The act of making chalk marks on outdoor surfaces (walls, sidewalks, buildings, sign posts, trees) to indicate the existence of an open wireless network connection, usually offering an Internet connection so that others can benefit from the free wireless access. The open connections typically come from the access points of wireless networks located within buildings to serve enterprises. The chalk symbols indicate the type of access point that is available at that specific spot.
There are three basic designs that are currently used: a pair of back-to-back semicircles, which denotes an open node; a closed circle, which denotes a closed node; a closed circle with a “W” inside, which denotes a node equipped with WEP. Warchalkers also draw identifiers above the symbols to indicate the password that can be used to access the node, which can easily be obtained with sniffer software.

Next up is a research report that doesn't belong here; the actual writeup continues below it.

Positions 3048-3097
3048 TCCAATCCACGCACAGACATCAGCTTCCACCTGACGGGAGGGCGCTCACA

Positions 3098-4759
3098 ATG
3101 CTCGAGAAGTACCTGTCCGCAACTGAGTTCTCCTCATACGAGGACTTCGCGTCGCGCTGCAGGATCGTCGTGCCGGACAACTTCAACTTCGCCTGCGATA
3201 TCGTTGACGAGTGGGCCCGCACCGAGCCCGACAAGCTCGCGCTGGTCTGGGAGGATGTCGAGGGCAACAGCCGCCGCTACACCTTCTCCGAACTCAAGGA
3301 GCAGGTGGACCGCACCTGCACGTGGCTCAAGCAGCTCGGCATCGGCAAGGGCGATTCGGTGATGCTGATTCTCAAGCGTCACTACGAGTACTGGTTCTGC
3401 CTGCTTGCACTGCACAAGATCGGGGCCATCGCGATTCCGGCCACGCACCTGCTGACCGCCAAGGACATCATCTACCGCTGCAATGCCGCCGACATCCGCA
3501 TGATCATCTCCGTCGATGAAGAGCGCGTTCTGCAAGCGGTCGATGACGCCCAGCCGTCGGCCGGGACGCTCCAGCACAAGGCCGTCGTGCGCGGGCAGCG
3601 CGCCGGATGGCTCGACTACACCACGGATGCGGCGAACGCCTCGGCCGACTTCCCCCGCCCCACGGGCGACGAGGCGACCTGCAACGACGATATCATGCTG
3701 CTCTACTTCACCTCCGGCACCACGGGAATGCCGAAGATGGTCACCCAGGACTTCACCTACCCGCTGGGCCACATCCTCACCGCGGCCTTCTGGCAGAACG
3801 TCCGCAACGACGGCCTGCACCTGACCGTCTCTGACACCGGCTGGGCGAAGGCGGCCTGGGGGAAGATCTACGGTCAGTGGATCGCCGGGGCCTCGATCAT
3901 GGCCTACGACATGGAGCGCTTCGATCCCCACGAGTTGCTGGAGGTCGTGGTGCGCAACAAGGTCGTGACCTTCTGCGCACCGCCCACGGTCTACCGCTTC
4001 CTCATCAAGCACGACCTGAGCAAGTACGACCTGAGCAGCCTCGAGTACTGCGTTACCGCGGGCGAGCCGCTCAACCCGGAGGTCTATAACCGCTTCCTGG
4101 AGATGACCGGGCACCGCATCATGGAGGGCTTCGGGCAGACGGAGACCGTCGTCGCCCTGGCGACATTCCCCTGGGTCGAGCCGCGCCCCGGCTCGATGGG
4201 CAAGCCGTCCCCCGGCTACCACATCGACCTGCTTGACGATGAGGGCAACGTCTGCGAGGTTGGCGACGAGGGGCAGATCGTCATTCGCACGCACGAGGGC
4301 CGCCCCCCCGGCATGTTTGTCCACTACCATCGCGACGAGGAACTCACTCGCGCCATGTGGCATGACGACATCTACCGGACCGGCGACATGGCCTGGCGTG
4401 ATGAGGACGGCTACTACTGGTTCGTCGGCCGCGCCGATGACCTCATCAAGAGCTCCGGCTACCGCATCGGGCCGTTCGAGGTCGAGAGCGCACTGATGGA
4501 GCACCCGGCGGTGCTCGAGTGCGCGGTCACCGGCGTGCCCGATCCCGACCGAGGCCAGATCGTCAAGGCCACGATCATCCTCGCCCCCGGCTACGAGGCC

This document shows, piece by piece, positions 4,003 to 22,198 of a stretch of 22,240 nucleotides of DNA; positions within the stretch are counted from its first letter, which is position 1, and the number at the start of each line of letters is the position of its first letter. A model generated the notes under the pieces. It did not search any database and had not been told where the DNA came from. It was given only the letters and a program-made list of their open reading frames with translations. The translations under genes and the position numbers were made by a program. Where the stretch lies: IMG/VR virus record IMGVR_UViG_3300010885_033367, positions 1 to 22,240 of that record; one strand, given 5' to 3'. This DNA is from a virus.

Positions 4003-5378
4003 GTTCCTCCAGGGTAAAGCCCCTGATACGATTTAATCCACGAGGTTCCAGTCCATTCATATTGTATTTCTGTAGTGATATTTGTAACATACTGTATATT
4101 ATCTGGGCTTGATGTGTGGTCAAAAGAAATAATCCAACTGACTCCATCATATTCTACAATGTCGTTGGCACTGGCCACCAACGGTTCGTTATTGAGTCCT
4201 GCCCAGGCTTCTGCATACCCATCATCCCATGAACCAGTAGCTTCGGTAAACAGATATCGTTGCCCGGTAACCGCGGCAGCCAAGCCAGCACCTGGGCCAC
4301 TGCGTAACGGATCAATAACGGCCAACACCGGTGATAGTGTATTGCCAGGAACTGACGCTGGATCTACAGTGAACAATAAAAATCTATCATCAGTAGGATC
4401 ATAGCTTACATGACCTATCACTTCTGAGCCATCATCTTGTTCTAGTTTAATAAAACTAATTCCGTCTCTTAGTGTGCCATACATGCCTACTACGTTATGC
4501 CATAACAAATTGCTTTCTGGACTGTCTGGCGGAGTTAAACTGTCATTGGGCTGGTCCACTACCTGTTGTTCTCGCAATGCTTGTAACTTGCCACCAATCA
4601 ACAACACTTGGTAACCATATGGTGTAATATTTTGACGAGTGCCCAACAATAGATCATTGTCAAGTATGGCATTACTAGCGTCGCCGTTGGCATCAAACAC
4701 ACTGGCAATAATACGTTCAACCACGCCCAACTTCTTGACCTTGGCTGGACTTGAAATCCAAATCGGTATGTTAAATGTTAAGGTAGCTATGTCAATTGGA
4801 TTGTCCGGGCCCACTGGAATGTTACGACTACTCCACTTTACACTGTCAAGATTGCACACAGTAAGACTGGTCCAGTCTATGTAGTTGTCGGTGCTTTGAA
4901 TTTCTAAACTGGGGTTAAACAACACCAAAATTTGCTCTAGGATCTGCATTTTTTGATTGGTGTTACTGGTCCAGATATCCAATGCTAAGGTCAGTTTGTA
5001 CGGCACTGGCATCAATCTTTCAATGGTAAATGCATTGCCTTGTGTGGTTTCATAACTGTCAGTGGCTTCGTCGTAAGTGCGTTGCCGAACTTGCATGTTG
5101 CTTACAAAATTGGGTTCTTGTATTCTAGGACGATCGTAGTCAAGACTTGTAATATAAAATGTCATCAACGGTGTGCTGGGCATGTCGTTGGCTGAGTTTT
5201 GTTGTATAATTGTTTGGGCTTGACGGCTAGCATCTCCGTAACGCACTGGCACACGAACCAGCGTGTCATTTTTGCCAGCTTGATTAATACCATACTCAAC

As a recent development, the debate over the legality of warchalking is still going on.
The practice stems from the U.S. Depression-era culture of wandering hobos who would make marks outside of homes to indicate to other wanderers whether the home was receptive to drifters or was inhospitable.